Remember, there are 5 streets of action including 3 big bet streets. Half the deck potentially makes his board very scary. You’d have to have a very good reason (pair of queens or better or a big draw) to really think about calling down unless the player has shown themselves to play far too many hands.
Drawing hands are very strong when made early in Stud and since the river is dealt face down, people who have draws can have very strong hands concealed and thus have big implied odds.
For this reason, if you catch a card that is crucial to your board, you can play much more aggressively.
If you have the and catch the , you can suddenly represent a slew of hands that you may not even be close to having.
At worst, you have a pair and a few backdoor draws. That may be enough to get a lot of players to fold their weaker hands, which is a nice thing to achieve when you don’t have much.
On the other hand, pay attention to when someone is showing a lot of aggression despite having a very weak looking board.
If someone’s board is showing , every potential draw has missed. If they’ve been aggressive from the getgo, you can assume they have at LEAST a pair of queens and potentially much stronger. Even the more aggressive crazy players know that it’s hard to get people to fold pretty much anything if your board runs out dry.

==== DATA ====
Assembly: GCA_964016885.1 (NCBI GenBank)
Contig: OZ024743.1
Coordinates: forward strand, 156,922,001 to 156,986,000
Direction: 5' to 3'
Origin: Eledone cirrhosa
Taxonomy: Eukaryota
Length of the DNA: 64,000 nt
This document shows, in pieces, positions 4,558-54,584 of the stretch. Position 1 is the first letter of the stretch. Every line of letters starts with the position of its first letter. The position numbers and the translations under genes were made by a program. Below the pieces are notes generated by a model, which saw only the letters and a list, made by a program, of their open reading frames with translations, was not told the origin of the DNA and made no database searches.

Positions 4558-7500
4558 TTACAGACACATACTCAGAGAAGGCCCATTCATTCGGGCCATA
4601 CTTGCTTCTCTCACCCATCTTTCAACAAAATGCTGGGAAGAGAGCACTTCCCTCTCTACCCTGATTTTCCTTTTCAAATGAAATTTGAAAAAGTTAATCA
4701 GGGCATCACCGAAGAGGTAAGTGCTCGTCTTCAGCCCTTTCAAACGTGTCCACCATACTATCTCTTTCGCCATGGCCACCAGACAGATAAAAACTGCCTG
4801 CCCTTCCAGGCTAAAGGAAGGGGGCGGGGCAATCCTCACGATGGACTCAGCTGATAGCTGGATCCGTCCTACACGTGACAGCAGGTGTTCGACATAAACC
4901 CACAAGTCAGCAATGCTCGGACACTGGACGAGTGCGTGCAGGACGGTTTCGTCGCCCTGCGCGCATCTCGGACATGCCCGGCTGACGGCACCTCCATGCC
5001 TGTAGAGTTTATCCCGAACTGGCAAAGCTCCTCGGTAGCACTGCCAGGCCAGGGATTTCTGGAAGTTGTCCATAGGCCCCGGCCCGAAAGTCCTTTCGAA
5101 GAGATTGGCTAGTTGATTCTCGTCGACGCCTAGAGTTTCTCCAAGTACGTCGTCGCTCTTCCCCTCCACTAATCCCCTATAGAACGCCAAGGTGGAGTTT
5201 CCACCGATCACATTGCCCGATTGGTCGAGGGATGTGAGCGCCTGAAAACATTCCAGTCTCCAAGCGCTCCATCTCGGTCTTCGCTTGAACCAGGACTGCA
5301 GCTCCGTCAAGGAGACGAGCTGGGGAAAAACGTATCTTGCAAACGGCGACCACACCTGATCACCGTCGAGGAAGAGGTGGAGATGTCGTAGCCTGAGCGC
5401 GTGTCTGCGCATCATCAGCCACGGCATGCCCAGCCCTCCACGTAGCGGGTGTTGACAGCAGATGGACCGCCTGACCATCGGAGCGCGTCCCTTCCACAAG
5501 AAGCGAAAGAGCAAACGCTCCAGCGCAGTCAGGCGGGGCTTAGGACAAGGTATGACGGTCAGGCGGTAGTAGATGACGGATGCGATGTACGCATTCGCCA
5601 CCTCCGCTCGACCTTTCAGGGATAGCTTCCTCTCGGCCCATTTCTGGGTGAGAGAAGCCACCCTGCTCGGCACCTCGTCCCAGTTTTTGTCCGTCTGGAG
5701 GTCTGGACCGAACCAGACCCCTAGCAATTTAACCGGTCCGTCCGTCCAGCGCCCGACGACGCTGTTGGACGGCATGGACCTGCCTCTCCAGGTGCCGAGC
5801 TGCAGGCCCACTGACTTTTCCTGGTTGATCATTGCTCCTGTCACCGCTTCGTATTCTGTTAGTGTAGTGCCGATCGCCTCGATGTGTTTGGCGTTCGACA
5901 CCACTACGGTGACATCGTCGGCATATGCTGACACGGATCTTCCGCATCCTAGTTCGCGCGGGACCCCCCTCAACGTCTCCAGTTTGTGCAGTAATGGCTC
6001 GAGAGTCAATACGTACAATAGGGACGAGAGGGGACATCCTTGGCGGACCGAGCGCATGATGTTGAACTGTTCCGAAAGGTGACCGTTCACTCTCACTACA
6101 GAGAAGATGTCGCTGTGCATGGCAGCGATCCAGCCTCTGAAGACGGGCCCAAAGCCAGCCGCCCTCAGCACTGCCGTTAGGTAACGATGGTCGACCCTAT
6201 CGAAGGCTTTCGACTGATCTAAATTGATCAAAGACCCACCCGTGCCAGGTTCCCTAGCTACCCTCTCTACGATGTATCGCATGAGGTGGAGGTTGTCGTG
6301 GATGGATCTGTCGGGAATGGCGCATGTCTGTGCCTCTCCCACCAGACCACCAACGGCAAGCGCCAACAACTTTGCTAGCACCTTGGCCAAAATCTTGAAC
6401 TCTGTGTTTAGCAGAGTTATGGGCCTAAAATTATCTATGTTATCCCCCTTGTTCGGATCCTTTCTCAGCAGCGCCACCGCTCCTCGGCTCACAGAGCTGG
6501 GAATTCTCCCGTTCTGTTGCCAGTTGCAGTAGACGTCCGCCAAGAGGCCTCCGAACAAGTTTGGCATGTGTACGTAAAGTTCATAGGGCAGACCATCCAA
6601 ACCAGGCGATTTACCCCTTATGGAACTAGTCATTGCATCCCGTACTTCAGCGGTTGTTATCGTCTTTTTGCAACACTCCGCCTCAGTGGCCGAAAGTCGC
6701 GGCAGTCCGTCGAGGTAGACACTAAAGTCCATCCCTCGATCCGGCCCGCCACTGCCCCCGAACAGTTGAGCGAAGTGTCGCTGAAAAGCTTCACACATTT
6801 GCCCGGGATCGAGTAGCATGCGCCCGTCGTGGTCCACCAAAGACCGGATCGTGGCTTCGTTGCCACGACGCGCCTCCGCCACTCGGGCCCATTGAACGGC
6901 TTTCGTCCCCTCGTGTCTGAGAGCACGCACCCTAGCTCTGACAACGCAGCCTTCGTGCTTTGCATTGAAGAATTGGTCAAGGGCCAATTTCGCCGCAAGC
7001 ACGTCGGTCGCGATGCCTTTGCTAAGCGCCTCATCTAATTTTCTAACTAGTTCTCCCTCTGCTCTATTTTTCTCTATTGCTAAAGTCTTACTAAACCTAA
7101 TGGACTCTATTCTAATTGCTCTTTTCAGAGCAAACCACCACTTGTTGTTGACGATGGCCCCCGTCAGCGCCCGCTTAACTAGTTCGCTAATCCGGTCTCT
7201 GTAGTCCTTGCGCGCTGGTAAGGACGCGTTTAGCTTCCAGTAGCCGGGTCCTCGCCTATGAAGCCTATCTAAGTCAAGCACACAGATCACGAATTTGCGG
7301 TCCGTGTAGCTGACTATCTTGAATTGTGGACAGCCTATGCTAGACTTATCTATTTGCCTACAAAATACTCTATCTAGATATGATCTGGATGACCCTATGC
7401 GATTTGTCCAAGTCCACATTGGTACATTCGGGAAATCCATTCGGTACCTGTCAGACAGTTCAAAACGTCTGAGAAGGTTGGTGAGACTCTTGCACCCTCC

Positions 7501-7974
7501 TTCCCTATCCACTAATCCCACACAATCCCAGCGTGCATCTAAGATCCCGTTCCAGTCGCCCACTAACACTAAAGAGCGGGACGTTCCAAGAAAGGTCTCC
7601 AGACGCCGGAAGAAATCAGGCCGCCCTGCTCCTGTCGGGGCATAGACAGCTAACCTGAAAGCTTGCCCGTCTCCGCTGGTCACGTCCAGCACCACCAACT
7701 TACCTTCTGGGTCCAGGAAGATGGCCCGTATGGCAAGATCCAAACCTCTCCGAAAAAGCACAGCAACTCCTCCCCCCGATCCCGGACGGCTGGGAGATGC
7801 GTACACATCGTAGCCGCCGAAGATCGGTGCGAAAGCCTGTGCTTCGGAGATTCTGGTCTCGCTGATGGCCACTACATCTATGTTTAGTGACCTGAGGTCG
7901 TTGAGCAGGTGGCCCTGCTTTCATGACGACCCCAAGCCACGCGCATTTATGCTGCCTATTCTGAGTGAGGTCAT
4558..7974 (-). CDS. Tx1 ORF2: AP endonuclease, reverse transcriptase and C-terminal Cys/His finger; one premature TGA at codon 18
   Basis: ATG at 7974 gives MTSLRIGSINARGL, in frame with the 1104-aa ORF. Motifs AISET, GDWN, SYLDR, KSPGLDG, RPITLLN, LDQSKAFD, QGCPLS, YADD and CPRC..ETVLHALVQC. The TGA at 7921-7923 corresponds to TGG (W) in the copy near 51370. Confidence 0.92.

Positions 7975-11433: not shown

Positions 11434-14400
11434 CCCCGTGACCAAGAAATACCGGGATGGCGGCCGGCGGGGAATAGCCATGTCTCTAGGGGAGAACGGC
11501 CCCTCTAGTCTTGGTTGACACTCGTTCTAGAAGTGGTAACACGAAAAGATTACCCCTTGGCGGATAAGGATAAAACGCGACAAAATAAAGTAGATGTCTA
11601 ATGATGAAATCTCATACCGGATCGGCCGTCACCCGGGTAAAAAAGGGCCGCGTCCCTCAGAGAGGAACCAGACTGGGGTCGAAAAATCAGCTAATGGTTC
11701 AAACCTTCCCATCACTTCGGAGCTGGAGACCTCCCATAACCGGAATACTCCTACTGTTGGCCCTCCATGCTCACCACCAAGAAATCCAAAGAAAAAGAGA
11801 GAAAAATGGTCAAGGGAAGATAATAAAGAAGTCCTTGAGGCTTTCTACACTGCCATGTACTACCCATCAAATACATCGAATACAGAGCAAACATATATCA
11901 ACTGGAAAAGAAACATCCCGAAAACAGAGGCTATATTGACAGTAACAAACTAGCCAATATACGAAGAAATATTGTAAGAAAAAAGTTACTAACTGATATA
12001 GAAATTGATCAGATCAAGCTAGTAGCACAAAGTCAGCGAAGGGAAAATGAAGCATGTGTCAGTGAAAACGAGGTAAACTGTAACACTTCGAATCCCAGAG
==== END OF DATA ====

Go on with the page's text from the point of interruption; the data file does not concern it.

The second crucial element to Stud is overcards. The difference between a hand like and cannot be overemphasized. After all, which hand would you rather have if a player opened a pot with nines or tens?
Unless you’re up against a pair of aces, is miles better despite less straight potential.
It’s also far easier to represent a strong hand from the beginning this hand, making them ripe for semibluffs. Occasionally bluffing also gives you better implied odds when you actually have the represented big pair. But this is not the only way that overcards are important.
Say you have a hand like () and all your cards are live.
Some young punk opens with a ten up. For whatever reason, you believe that he likely has a pair of tens. You don’t care, you raise anyway. Seems crazy, right? False! You have upwards of 43% equity in this hand.
The ace in your hand is incredibly powerful as a semibluffing tool. Not only is your equity good, but if you catch an ace and your opponent makes two pair, he’s drawing to 4 outs!
Your implied odds when you semibluff in this game and get there can be huge. In the same scenario, a hand like would be worthless because you simply cannot play your hand aggressively, even if you make your small two pair, as your opponent’s two pair can easily be hidden.
Part 3 of this series covers Stud-8 and HORSE tournament concepts.